History of Wuhan
The city was originally three different towns around the place where the Han River merged with the Yangtze River (Changjiang, 长江, “long river”). The Yangtze River generally flows west to east across central China, and in the area of Wuhan, it flows from the southwest to the northeast. The much smaller Han River enters from the west.
The town on the southern bank of the Yangtze was called Wuchang. It was long known as an education center for Confucian scholars and literati, and for its arts, and it was a provincial capital during the Yuan (Mongolian) Dynasty. The town on the north bank of the Han River and the Yantze was called Hankou. It was a financial and merchants center, and when the British controlled it during the 1800s, it became the second biggest financial and merchant center in China after Shanghai. The town on the south bank of the Han River between the Han and the Yangtze was called Hanyang. Now, it is the industrial area of the city with car factories, heavy industries, and advanced industries.
The British invaded the area during the middle of the 1800s, and used Hankou as a trading port. Goods from all over the British Empire, 1/7 of the world’s land area, came in on ships and were traded for goods from all over China, the most populous country in the world. The British had a small enclave along the river in Hankou of about 30 kilometers in area, and they built some buildings that still stand. There is a large beautiful customs building that is still standing. It must have seemed very imposing then, since the architectural methods were advanced. Railroads were built that connected the British port with northern China, so it became one of the busiest ports in China. The Yangtze River allowed steamboats to carry merchandise more than 1,000 kilometers inland from the coast.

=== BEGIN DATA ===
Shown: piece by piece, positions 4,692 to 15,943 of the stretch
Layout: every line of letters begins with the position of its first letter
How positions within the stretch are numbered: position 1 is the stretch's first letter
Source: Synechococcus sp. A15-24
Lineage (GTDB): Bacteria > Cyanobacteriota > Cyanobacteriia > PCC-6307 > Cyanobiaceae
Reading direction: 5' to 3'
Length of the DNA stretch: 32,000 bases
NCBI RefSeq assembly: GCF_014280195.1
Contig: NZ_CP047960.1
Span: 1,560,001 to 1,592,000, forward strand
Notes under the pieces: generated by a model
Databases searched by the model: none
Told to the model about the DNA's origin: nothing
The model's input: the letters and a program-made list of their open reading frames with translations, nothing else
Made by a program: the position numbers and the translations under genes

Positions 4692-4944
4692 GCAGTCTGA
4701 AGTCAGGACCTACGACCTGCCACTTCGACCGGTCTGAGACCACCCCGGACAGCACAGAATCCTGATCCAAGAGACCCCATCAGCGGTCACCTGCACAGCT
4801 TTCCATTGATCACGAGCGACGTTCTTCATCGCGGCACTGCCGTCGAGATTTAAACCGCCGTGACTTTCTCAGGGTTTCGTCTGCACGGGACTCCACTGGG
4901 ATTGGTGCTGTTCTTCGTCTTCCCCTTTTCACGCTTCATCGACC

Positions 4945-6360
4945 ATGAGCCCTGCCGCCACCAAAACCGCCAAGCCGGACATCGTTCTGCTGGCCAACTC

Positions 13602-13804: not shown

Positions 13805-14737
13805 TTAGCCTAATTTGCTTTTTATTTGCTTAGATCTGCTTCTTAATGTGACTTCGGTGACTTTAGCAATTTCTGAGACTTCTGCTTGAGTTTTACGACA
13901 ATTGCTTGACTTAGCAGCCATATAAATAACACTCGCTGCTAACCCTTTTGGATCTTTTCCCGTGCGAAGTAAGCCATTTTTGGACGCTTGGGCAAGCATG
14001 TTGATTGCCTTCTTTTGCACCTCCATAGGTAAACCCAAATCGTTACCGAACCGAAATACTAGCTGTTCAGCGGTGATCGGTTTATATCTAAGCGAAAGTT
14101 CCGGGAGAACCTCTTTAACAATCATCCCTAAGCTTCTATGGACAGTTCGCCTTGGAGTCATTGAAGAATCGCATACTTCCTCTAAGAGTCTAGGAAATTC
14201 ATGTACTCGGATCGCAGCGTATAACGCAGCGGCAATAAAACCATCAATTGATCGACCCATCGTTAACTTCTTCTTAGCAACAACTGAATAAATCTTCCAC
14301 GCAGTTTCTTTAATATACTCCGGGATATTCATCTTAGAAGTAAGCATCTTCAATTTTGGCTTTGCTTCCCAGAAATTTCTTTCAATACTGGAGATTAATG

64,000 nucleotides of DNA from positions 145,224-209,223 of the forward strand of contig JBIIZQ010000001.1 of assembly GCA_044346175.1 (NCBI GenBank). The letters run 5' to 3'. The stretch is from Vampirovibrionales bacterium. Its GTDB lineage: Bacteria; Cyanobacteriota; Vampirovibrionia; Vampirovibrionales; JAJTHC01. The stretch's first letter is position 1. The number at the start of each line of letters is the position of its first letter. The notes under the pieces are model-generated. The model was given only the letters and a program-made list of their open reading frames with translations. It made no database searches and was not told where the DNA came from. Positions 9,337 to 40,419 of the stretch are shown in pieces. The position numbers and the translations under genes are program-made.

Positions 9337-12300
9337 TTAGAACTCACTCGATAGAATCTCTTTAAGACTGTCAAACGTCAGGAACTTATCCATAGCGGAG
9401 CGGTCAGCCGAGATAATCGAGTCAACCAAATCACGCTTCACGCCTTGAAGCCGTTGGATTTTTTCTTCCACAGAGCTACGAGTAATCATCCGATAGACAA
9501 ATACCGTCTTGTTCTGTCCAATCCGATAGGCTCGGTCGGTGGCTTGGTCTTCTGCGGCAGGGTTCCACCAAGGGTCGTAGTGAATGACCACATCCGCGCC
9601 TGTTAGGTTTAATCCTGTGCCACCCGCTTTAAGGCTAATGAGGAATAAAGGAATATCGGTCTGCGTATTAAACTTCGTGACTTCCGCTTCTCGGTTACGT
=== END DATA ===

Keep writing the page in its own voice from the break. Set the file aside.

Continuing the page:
In the last century, the area that is now called Wuhan was the scene of some important political events. First, starting about 1906, the Qing Dynasty governor of the area promoted the development of modern industry and education by founding important industries and opening modern schools and universities. Most of these universities were built in Wuchang. He wanted to modernize the area under his jurisdiction, so Wuhan became a leading city in China for industry, education and culture.
In 1911, there was a revolt against the Qing Dynasty government in the city promoted by Sun Yat-Sen, and then there was conflict all over China. In 1927, the Chinese KMT Nationalist government organized the old towns of Hankou, Hanyang and Wuchang into a city that was the capital city of China. The national government met in the Hankou District for a short time. In 1939, Wuhan became a Japanese military headquarters, and the city was destroyed by the US Air Force in 1944.
I updated this article on October 29, 2012
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